-- Tony Byrne
Security and Identity Management trump functionality for buyers
Security and Information Rights Management will become areas of key focus for those managing large ECM implementations. This will be driven by the need to align ECM systems with emergent SOA strategies, and the realization that application-specific security for documents is no longer sufficient. As such, buyers will be demanding better integration with federated and corporate-wide identity management mechanisms -- from the repository all the way down to the document level.
Finally bridging web analytics and online marketing
2007 was the year that web analytics vendors talked about tighter integration with online marketing vendors. 2008 will be the year that companies begin to buy into the promise of this integration.
Analytics vendors are continuing to productize their APIs after ironing out initial integration issues. Customers are starting to mature their analytics beyond basic reporting -- to guide targeted e-mails, personalized offers, and focused segmentation.
With this growing maturity, customers will focus more on going to the next level...integrating third party marketing vendor data with analytics, so that the web analytics UI becomes the single interface for viewing all costs, revenues, ordering and demographics-based segment data; offline channel performance, such as that from call centers and direct mail; and for making real time decisions on marketing and content delivery, behavioral targeting and multivariate testing.
At the same time, we will probably not see a near-term resolution to the debate over where this online marketing data warehouse is best seated, and it make take more than a year for enterprise business intelligence specialists to weigh in fully on the matter.
-- Phil Kemelor
Search is dead....Not!
In 2008 you'll hear vast pronouncements that "search is dead," particularly as enterprise search vendors' marketing continues to shift en masse towards the concept of "information access platforms." This is a chimera.
Our recent research for the Enterprise Search Report suggests that getting enterprise search to work at a fundamental level still requires a lot of basic heavy lifting. So while vendors can rave about faceted navigation, "social search," and natural-language processing, who really cares when oftentimes we still can't type in a single keyword and get the thing we're looking for? If your enterprise search system can't work with your most important file formats and repositories across the enterprise, or can't make sure the wrong person doesn't get access to a confidential document, what good is it, really?
That's why we're seeing a renewed focus on search fundamentals in 2008. Cleaning up content. Building a better index. Ensuring content security, both early-binding and late-binding, at a granular level where necessary. Providing more and semantically richer hooks into content with consistent meta data. Treating large implementations as real applications that need proper software development lifecycle practices -- if the search software allows! And, please -- a simplification of the search results page. Options are one thing, but to have "facets," "buckets," and "folders" all in one set of results doth not make for a more usable experience.
Savvy enterprises will focus on getting these search basics right, then maybe turning their attention to social tag clouds on results pages....in 2009.
Productization of Search Platforms
Though there's a clear sense of a return to search basics, at the same time the Google Appliance -- whatever its limitations -- still has other vendors in a fit. Google can deliver a turn-key solution that will start indexing within the hour of receiving the shiny box. We suspect many a CIO will find a blue GSA or yellow Mini under his corporate Christmas Tree.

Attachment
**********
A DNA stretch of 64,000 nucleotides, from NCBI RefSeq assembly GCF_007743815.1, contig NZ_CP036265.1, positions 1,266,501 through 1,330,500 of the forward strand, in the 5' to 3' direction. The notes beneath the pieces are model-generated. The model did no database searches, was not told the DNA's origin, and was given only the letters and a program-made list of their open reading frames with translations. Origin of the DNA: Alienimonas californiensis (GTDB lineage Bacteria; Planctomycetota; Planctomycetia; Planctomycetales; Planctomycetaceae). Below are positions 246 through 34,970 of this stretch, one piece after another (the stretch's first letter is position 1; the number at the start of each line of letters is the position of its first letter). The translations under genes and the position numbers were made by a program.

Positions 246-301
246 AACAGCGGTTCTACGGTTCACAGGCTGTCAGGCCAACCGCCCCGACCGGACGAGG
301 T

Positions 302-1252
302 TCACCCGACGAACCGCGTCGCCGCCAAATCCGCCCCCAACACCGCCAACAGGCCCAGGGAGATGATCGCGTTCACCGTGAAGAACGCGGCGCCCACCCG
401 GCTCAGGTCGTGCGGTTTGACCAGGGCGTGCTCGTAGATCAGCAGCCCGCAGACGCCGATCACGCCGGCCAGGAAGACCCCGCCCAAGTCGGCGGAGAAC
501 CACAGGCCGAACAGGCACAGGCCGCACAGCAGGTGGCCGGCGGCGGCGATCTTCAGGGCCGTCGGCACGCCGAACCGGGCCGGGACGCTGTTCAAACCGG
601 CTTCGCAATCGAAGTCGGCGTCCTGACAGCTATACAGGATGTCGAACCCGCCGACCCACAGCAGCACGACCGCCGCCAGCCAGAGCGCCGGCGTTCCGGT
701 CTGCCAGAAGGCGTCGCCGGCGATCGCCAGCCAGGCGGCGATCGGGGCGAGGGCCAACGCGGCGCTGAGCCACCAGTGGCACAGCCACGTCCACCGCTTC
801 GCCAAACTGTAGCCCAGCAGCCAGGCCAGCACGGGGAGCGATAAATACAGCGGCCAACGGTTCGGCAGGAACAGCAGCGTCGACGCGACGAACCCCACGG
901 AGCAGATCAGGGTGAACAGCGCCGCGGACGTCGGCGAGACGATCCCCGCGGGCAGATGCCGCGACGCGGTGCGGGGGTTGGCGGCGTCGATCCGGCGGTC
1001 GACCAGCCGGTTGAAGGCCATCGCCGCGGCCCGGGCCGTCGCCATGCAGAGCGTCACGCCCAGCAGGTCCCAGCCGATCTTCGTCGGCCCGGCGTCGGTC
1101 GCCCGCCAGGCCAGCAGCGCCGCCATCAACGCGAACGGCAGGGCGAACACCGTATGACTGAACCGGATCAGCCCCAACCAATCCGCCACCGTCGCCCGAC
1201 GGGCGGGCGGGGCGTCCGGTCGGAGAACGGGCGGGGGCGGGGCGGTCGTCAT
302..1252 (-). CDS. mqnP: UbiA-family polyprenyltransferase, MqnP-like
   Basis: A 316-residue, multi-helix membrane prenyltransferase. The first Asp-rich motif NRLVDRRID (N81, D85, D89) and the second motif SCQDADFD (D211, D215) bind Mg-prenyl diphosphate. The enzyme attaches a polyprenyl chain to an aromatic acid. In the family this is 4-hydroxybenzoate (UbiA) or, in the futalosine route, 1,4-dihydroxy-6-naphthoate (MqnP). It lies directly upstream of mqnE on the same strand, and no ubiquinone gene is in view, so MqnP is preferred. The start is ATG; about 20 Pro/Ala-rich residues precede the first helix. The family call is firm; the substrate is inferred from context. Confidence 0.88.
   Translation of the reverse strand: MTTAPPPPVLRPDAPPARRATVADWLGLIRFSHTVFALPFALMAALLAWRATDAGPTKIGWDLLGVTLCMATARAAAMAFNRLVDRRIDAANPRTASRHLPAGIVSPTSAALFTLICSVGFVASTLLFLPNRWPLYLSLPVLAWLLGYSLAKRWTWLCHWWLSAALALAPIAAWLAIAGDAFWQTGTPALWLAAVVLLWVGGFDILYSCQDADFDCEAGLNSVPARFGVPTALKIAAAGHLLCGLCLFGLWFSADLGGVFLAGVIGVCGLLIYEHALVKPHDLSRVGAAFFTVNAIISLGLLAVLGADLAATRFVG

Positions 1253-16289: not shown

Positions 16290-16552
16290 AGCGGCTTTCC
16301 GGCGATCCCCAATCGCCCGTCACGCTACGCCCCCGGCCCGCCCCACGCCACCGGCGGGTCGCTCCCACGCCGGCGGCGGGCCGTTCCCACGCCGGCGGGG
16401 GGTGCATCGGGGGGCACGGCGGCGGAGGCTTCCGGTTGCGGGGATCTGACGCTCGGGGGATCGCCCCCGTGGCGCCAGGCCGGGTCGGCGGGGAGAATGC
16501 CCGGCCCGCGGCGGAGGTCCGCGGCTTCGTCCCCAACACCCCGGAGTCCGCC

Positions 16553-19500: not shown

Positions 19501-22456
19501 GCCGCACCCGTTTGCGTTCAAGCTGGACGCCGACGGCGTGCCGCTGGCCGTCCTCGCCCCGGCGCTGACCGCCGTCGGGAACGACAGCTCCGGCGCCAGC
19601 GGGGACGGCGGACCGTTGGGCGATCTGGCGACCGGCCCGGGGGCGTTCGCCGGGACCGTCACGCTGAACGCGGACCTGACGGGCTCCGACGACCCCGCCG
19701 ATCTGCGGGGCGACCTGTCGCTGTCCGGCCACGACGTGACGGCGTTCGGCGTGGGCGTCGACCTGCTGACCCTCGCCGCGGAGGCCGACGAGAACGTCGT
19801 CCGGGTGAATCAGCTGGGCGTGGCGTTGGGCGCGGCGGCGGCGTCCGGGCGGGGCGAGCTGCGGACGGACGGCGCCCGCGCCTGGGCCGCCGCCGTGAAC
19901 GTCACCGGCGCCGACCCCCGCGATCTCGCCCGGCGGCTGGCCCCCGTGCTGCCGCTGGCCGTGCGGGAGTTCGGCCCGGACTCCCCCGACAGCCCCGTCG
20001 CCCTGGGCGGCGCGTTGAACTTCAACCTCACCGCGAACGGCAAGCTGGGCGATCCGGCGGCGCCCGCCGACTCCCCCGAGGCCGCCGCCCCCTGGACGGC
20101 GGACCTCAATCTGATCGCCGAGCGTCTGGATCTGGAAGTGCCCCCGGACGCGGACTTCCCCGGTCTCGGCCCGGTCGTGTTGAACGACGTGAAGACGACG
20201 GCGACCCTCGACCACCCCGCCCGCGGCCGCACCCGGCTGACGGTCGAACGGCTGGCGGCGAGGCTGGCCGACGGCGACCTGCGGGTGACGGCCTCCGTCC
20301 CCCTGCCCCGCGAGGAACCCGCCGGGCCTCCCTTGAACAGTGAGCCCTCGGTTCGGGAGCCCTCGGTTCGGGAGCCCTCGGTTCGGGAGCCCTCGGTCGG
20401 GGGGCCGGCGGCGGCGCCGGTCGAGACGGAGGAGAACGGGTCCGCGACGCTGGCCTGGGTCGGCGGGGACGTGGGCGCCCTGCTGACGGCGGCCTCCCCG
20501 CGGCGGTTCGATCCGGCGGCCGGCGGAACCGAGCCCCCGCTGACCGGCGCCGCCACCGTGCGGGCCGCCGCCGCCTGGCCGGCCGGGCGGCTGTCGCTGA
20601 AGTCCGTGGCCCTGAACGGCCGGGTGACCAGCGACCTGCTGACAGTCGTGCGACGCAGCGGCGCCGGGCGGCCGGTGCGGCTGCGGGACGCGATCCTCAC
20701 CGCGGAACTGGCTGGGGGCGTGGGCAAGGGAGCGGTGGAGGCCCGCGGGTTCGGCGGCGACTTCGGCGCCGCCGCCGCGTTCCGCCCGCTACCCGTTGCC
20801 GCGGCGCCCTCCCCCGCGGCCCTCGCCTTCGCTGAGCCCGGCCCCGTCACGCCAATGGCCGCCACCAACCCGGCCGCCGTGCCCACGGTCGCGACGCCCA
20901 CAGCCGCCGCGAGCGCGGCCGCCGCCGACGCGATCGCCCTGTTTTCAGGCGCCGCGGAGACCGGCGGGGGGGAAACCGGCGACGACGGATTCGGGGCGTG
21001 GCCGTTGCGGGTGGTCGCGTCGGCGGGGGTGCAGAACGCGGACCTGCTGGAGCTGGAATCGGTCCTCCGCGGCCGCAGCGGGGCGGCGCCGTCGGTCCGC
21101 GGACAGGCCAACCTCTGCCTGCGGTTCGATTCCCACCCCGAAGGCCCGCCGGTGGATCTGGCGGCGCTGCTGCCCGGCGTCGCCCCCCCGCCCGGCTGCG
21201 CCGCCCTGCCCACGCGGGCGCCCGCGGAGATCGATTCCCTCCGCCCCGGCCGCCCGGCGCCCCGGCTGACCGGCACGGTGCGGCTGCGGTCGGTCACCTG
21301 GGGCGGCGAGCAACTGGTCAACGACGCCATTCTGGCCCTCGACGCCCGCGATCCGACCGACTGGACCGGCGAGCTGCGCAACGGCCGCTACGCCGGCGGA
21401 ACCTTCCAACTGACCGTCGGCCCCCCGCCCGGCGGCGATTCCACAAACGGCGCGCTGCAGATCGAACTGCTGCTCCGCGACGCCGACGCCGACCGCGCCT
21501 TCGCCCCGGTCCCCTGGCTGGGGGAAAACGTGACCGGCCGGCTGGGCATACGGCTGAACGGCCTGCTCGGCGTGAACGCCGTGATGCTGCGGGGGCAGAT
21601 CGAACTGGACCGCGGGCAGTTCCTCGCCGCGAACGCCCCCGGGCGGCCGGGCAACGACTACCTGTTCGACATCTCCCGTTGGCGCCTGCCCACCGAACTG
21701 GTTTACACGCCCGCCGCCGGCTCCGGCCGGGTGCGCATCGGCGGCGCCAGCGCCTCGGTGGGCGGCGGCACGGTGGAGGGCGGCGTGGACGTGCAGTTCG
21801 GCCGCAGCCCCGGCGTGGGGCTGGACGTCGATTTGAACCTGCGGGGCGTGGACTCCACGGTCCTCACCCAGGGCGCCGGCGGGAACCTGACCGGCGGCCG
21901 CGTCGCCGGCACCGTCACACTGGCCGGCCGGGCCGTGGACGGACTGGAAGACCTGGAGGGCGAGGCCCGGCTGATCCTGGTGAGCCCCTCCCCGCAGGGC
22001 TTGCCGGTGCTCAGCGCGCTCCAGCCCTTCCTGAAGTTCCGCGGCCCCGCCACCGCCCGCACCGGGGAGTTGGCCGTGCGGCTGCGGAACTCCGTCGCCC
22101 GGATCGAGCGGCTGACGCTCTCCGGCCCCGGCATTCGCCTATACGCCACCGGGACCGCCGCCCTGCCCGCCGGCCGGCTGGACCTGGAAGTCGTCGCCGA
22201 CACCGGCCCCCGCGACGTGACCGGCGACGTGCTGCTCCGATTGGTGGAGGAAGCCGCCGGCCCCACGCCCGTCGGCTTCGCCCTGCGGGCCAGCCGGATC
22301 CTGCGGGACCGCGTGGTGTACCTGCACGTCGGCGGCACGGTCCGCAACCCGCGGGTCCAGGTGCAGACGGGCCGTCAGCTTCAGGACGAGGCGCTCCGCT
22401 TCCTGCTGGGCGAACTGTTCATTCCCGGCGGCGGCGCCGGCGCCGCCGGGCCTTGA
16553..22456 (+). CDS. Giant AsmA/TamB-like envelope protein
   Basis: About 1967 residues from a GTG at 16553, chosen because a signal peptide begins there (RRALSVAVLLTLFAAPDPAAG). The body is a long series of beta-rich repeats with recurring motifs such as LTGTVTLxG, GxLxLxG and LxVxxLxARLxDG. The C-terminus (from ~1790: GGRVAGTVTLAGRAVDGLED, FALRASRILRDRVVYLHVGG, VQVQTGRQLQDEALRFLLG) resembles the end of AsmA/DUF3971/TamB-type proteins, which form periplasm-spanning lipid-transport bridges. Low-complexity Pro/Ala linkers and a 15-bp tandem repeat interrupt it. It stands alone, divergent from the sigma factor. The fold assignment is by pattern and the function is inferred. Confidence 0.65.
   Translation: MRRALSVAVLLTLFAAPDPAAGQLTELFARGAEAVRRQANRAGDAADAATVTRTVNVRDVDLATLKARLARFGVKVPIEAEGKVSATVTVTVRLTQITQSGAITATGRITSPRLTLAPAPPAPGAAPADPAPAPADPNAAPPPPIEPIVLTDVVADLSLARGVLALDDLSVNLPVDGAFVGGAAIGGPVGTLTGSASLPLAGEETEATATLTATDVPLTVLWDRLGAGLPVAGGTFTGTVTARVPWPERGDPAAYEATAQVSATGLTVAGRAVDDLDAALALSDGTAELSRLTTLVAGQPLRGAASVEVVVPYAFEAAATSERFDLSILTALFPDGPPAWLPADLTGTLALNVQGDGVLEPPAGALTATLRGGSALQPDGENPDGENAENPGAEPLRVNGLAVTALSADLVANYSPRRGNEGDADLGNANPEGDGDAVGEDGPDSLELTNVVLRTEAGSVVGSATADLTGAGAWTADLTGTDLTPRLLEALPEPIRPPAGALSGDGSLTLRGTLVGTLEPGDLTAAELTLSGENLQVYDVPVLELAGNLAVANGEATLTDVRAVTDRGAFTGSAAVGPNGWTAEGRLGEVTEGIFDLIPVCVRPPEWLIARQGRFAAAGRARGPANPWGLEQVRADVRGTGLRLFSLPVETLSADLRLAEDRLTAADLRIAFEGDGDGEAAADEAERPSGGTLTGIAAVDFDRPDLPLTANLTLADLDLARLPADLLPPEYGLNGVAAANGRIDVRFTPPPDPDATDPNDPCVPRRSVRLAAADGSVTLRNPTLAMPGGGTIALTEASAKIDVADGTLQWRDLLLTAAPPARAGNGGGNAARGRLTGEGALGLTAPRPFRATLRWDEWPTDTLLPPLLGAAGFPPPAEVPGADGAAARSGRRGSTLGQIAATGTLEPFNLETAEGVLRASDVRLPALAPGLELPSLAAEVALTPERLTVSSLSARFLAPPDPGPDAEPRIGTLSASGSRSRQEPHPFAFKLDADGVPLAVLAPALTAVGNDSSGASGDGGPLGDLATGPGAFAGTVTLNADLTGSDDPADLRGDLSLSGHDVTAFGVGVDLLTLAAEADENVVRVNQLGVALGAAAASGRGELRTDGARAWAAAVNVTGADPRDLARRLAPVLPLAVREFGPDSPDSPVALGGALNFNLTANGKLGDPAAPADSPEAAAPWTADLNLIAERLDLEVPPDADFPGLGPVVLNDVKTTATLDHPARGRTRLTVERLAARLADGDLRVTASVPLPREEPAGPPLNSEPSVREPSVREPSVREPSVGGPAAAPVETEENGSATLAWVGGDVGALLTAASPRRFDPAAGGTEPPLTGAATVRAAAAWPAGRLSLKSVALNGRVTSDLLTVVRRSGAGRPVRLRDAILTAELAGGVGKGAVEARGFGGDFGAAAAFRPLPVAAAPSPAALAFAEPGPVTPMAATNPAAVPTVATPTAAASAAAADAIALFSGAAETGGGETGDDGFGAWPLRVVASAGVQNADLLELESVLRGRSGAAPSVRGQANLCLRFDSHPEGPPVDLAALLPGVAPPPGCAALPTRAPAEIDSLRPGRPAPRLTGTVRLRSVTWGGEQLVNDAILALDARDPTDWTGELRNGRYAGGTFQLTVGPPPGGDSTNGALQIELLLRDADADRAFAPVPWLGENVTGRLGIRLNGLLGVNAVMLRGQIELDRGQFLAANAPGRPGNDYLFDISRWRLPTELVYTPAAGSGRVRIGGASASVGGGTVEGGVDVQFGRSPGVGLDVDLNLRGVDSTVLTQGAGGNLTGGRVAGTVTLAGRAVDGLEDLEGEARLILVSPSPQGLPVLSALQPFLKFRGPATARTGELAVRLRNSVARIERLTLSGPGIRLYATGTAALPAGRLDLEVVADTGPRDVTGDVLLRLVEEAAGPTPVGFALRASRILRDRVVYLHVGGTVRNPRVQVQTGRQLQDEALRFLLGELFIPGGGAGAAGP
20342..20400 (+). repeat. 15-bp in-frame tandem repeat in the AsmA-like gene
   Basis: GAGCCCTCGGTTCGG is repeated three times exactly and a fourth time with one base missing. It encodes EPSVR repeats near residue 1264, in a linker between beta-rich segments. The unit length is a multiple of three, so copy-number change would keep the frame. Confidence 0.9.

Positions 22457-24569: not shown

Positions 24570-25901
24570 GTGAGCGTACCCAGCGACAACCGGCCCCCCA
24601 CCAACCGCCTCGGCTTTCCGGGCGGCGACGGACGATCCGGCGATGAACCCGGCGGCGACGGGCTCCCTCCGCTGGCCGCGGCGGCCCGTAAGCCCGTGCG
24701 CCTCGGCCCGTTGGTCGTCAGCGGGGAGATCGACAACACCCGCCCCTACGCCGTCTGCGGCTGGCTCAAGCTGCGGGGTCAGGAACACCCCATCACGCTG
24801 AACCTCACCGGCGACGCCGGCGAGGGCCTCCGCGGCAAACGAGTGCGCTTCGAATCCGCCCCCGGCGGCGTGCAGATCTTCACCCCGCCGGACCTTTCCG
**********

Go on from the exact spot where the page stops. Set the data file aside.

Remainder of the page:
But with that promise of instant gratification, out goes the notion that enterprise search is worthy of a year-long implementation, carefully crafting custom solutions from the toolkits, APIs, and libraries other vendors offer. Across the board, we see search engines being turned into products you could actually install and run.
Coveo realized it had another advantage than just the one-uppance over SharePoint's search: a single setup.exe and an easy-to-use web interface. Oracle came out with Secure Enterprise Search -- basically, Oracle in a box, albeit cardboard instead of a 19" rack server. A Microsoft partner first contemplated whether orange would be next year's hot data center couture, but quickly realized a free download would be a better gift. Even IBM, with a search smörgåsbord so broad their own consultants are often at a loss explaining the options, managed to produce stand-alone search (though, true to form, not one, but two very different products).
For 2008, expect a demo CD with your favorite computer magazine -- and this time, your coasters or doorstops won't be Compuserve and AOL, but an enterprise search engine with all the trimmings.
We'll have 12 new predictions next year
Analyst firms love to make predictions, and we're no different. But you should understand that technology does not move in neat calendar cycles. Fads can crest and fade in one scant season. The really important, seismic shifts happen over years, or even decades.
Among the technologies we cover, we see enormous experimentation occurring at the user interface level, but really serious legacy challenges on the back-end, especially as enterprises emerge from a SOAPy hang-over. Arguably the biggest innovation in IT over last few years -- ubiquitous server virtualization -- has had only minor impact on content technologies. Equity market fluctuations will shape vendor merger and acquisitions activity far more than technology compatibility and roadmaps. And so, next year could see major changes that none of us could foresee.
What should you do? Keep focused on specific business objectives. Someone in your enterprise should be thinking about The Next Big Thing, but not at the expense of undertaking the hard work of real information and process analysis today.
-- Tony Byrne
Good luck, and best wishes for the New Year!